There may be light at the end of Covid-10 crisis tunnel but sport and leisure may need to grasp the opportunity to adopt new approaches to perennial problems. Clare MacLeod, principal consultant at KKP, suggests that Badminton England’s facility strategy might be a step in the right direction
News of encouraging results in several of the coronavirus vaccine trials has re-ignited hope. With so much damage done to individuals, communities and businesses, could there be a chance to insert an LED bulb into the light at the end of the tunnel for the sport and leisure sector?
Not wishing to get carried away, the answer might be a cautious ‘maybe’, perhaps even a hesitant ‘yes’, but lessons have to be learned and opportunities grasped if we are to emerge from 2020 with a functioning sector able to survive and build upon the lessons learnt through multiple lockdowns.
One issue we face at present is the trauma of facility-based sports. Badminton, gymnastics, netball and basketball, to name perhaps the most visible, are struggling to find much to celebrate at the moment. Clubs are seeing income from memberships drop, the relevant national governing bodies (NGB) are taking a hit on affiliation fees and, perhaps potentially most damaging, players are being forced to find different things to do with their leisure time. It doesn’t take long for people’s lifestyles and habits to change; many clubs are concerned that, after prolonged lay-offs from their sport, people will have embarked on alternative activities. While facility-based sports ponder the huge opportunity costs of lost play, promotion and development activity, large chunks of the rest of the sport and leisure sector are heavily at risk from the impact of lockdown on physical activity of all kinds.
One of the earliest and most obvious lockdown problems for sports that hire rather than own facilities was access to indoor space. This has been exacerbated by a very high proportion of public leisure centre sports halls being given over (in part or in full) to other activities, predominantly those related to health and fitness, which ‘pays the bills’ in so many facilities.
Badminton has been working on this issue of access to courts (of the right quality and at the right times) for years but the NGB’s current facility strategy, drawn up just prior to the Covid crisis, sees access to school facilities as a potential solution. Community use of school facilities is far from new as a concept but in a post-lockdown environment it looks like an even better option for sustainable access to court space.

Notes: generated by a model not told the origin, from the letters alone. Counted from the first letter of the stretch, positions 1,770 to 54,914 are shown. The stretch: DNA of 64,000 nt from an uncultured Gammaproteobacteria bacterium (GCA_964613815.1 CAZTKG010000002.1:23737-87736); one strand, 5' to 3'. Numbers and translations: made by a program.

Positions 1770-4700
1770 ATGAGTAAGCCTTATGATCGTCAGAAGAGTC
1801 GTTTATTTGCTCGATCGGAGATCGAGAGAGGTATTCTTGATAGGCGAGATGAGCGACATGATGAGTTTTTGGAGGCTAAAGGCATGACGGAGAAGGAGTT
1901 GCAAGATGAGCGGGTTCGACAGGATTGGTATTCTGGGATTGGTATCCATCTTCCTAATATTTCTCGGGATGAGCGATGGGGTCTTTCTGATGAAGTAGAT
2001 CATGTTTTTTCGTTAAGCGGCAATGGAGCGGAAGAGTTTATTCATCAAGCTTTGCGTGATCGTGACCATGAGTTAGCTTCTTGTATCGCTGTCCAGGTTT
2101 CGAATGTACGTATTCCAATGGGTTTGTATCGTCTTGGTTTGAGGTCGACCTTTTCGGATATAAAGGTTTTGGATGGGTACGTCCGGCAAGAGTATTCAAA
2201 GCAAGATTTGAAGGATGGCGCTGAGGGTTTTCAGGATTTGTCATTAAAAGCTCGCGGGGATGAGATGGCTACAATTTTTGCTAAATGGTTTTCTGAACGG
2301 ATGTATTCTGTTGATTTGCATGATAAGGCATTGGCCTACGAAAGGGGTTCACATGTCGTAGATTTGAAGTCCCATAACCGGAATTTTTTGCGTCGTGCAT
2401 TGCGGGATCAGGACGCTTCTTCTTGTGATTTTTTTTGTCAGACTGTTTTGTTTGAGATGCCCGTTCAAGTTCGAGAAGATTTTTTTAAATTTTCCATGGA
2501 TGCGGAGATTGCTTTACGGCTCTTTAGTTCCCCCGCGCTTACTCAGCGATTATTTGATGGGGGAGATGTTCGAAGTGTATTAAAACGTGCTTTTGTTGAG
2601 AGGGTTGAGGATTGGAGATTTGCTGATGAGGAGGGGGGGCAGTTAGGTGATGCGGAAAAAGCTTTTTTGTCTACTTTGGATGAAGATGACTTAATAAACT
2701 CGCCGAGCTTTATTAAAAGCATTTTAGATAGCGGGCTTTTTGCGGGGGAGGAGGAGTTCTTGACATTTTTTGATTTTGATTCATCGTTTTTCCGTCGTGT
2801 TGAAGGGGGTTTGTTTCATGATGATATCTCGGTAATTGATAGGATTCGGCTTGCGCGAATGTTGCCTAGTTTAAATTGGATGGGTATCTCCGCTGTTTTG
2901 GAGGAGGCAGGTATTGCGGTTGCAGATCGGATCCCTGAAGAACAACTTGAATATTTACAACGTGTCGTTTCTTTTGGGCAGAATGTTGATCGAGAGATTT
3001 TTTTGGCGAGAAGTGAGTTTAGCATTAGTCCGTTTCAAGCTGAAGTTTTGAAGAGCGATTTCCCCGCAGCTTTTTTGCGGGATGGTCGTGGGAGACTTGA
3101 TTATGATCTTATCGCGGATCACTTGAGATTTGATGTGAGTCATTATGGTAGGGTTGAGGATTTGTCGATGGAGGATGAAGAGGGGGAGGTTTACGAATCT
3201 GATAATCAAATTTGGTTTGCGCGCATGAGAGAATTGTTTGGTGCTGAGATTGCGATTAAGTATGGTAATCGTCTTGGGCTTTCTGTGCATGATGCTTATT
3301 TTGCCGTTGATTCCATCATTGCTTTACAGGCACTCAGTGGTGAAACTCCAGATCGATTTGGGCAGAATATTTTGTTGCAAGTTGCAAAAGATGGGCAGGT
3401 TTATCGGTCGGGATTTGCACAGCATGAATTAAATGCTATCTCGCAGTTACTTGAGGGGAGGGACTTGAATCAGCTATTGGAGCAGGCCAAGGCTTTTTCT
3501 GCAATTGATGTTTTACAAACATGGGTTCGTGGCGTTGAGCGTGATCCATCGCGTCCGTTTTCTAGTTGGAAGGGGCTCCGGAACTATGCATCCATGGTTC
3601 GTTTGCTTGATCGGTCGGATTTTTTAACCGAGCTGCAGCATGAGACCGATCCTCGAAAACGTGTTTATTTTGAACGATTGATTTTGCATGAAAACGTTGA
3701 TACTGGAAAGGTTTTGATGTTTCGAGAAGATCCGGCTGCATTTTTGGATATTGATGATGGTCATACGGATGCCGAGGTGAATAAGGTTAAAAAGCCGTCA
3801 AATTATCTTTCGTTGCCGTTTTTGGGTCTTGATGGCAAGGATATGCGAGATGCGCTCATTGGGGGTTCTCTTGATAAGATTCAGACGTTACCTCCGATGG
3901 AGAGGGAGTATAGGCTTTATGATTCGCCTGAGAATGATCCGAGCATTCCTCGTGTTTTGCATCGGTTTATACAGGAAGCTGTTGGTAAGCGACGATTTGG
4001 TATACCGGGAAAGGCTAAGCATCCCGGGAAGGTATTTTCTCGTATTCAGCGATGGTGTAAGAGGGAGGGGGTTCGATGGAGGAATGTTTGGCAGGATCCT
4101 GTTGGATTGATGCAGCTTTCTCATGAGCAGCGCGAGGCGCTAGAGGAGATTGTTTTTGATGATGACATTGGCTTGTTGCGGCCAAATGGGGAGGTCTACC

However, this requires a new approach if it is going to solve the problem – or part of it at least – in any effective way. The model currently being explored by Badminton England is for the NGB to support local clubs, leagues and/or coaches to gear up and function as operators of the community use of school facilities. This means them taking on the management function for out-of-hours letting to guarantee court access for badminton players, offer additional space to other users and provide a financial return to schools with minimal school staff involvement in the administration process.
As Nick Rimmer, head of development at Badminton England, explained, such an approach offers a real opportunity to make community-use facilities genuinely accessible.
“We don’t have many badminton-specific facilities and our clubs do not normally own their own venues” Nick said. “There are a few exceptions, probably 20 at most across the country, but we tend to find that better development and progression comes from these clubs. As an NGB, we recognise that having that control over facility access and, vitally, programming leads to better development work, from engagement to performance.
“Even before Covid we were seeing sports hall closures and those that were open becoming smaller in terms of court space and more expensive as the demand for other activities grows. It creates a real challenge for clubs that wish to grow and develop.”
Seeking to turn this around, Badminton England started looking at what it could do help clubs and coaches to run their own facilities. Schools are the obvious starting point for this. Research recently published by the Sport and Recreation Alliance shows that 45% of all sports facilities in England are located on ‘education sites’ yet 46% of these were not available to the community for use pre-Covid-19. This means that almost one quarter of all sports hall space is inaccessible to the public.